Commissioner Luis Pavon became a scapegoat so Fidel Castro could come out “clean” from the repression of homosexuals during the Five Gray Years.
HAVANA TIMES – In 2010, in an interview Fidel Castro gave to the Mexican newspaper La Jornada, the former leader admitted, for the first time, his responsibility in the persecution of homosexuals in Cuba. He first asked the journalist for time to remember, as if this had happened in a distant and foggy past. Then, stammering, he put in a skilful phrase so that readers could deduce that it wasn’t exactly his fault.
He said this: “A great injustice! Whoever did it. If it was me, me… I’m trying to outline my hand in all of this because I don’t have this kind of prejudice, at all.”
Anyone who is familiar with the terrible history of the Military Units to Aid Production (UMAP) could pick up on his cynicism, especially when he explained himself saying: “It’s true that I couldn’t deal with this issue at the time… I had my head immersed with the Cuban Missile Crisis, the war, and political matters, mostly.”
Twelve years later, Miguel Barnet tried to work magic to exonerate him completely. The old poet said he didn’t understand why Fidel had taken on this blame, “when he wasn’t the one responsible.” Then, he took advantage of the occasion to shower him with praise, classifying his behavior as “honest and brave.”
The icing on the cake? On November 12th, they tried to clean the late dictator’s rap sheet in a Cubadebate podcast, wiping away any homophobic stain there may be. Abel Prieto said that the Five Gray Years, with parametracion (standardization) included, was a betrayal, an opportunistic distorsion of the essence of Fidel’s “Words to Intellectuals” and praising his “ecumenical” call.
Either they were all overcome with a sudden bout of amnesia, or they’re a bunch of crooks. The Revolutionary Government’s own Department of Stenography has published the disgusting speech Fidel Castro gave, in full, in front of the stairs outside Havana University, just two years after his “Words to Intellectuals”.
On that March 13th 1963, in front of a euphoric young crowd that didn’t stop laughing, clapping and shouting “firing squad”, Fidel treated himself to showing his true colors. He felt a lot more at ease there than in the place where he pronounced the dogma that would govern cultural policy. At the Library, he admitted he felt a little lost, bored maybe, listening to discussions he didn’t understand. The bearded 35-year-old, without any interest in putting on a song and dance, paraphrased an old phrase from Mussolini and adapted it to his revolution. The awful thing here is that this quote would be used time and time again to commit all kinds of crimes against human dignity.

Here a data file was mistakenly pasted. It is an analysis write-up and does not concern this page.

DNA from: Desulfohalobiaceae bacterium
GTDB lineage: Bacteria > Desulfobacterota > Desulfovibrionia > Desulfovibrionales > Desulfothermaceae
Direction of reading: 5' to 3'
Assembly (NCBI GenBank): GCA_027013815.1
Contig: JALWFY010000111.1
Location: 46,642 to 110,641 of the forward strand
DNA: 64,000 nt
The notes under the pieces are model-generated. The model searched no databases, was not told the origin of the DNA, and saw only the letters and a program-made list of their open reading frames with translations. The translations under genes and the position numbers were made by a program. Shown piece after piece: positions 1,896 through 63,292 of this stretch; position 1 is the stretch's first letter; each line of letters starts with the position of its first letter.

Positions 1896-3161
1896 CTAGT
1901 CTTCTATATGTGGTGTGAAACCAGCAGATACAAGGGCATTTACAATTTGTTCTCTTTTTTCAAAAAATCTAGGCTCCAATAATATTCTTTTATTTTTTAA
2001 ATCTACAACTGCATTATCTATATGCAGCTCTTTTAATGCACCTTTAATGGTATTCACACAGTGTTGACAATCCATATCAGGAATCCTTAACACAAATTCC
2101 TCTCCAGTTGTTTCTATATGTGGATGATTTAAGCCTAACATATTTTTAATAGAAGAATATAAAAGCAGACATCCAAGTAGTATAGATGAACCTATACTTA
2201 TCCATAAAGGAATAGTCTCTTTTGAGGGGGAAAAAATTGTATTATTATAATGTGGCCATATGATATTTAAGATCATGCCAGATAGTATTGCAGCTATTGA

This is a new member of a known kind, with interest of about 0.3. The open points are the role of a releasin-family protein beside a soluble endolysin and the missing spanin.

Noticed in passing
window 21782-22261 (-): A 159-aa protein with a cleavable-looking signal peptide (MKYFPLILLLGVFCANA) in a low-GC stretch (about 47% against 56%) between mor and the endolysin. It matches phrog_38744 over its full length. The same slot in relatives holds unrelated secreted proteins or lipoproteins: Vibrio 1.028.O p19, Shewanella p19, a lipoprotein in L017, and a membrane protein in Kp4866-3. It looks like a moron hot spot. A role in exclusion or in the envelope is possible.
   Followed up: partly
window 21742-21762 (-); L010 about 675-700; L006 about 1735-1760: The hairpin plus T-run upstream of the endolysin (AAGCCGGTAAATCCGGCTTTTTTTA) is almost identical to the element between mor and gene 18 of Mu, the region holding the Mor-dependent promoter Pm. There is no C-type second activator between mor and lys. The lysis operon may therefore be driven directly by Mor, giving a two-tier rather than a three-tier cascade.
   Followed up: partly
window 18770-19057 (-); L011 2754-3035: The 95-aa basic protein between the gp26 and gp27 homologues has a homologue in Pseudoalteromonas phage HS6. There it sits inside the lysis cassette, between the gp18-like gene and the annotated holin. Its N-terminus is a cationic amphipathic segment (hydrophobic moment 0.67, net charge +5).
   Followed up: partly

If anyone still has any doubts about what Fidel Castro was alluding to with the phrase “incurable counter-revolutionaries”, you just had to stand there in front of those steps, two years later. The exalted Comandante let his thirst for blood loose every time he said the words “death penalty” against a long list of people he called “byproducts”, which was met with an ovation from his audience.
Suddenly, someone from the crowd wanted to add something, shouting: “the loose-legged, homosexuals.” The bearded man’s eyes lit up. That’s when he vomited one of the worst phrases any dictator has ever uttered in the second half of the 20th century.
His exact words, between laughter, were the following: “Lots of these lazy young men, sons of the bourgeoisie, are walking around with their extra tight pants, some with a guitar, and an Elvis Presley flair, and they have taken their debauchery to the extreme wanting to go to some public spaces and organize their feminine shows unimpeded. Don’t confuse the serenity of the Revolution and the impartiality of the Revolution with weaknesses of the Revolution. For our society can’t accommodate these degenerates. Socialist society can’t allow for these kinds of degenerates.”
Every time anything is said about the Five Gray Years, parametracion or the UMAP, cultural leaders look for a way to blame everything on Luis Pavon, the official who directed the Cultural Council at the time. But you just need to read another fragment from Fidel Castro’s speech, to clearly understand that Pavon was nothing more than a scapegoat. The homophobic Comandante said: “There are a few theories, I’m not a scientist, I’m not an expert on the matter [laughter], but I always saw one thing: the fields don’t give you byproducts.” Then, he finished off: “So, I believe our agriculture needs arms.”
There’s nothing else to say.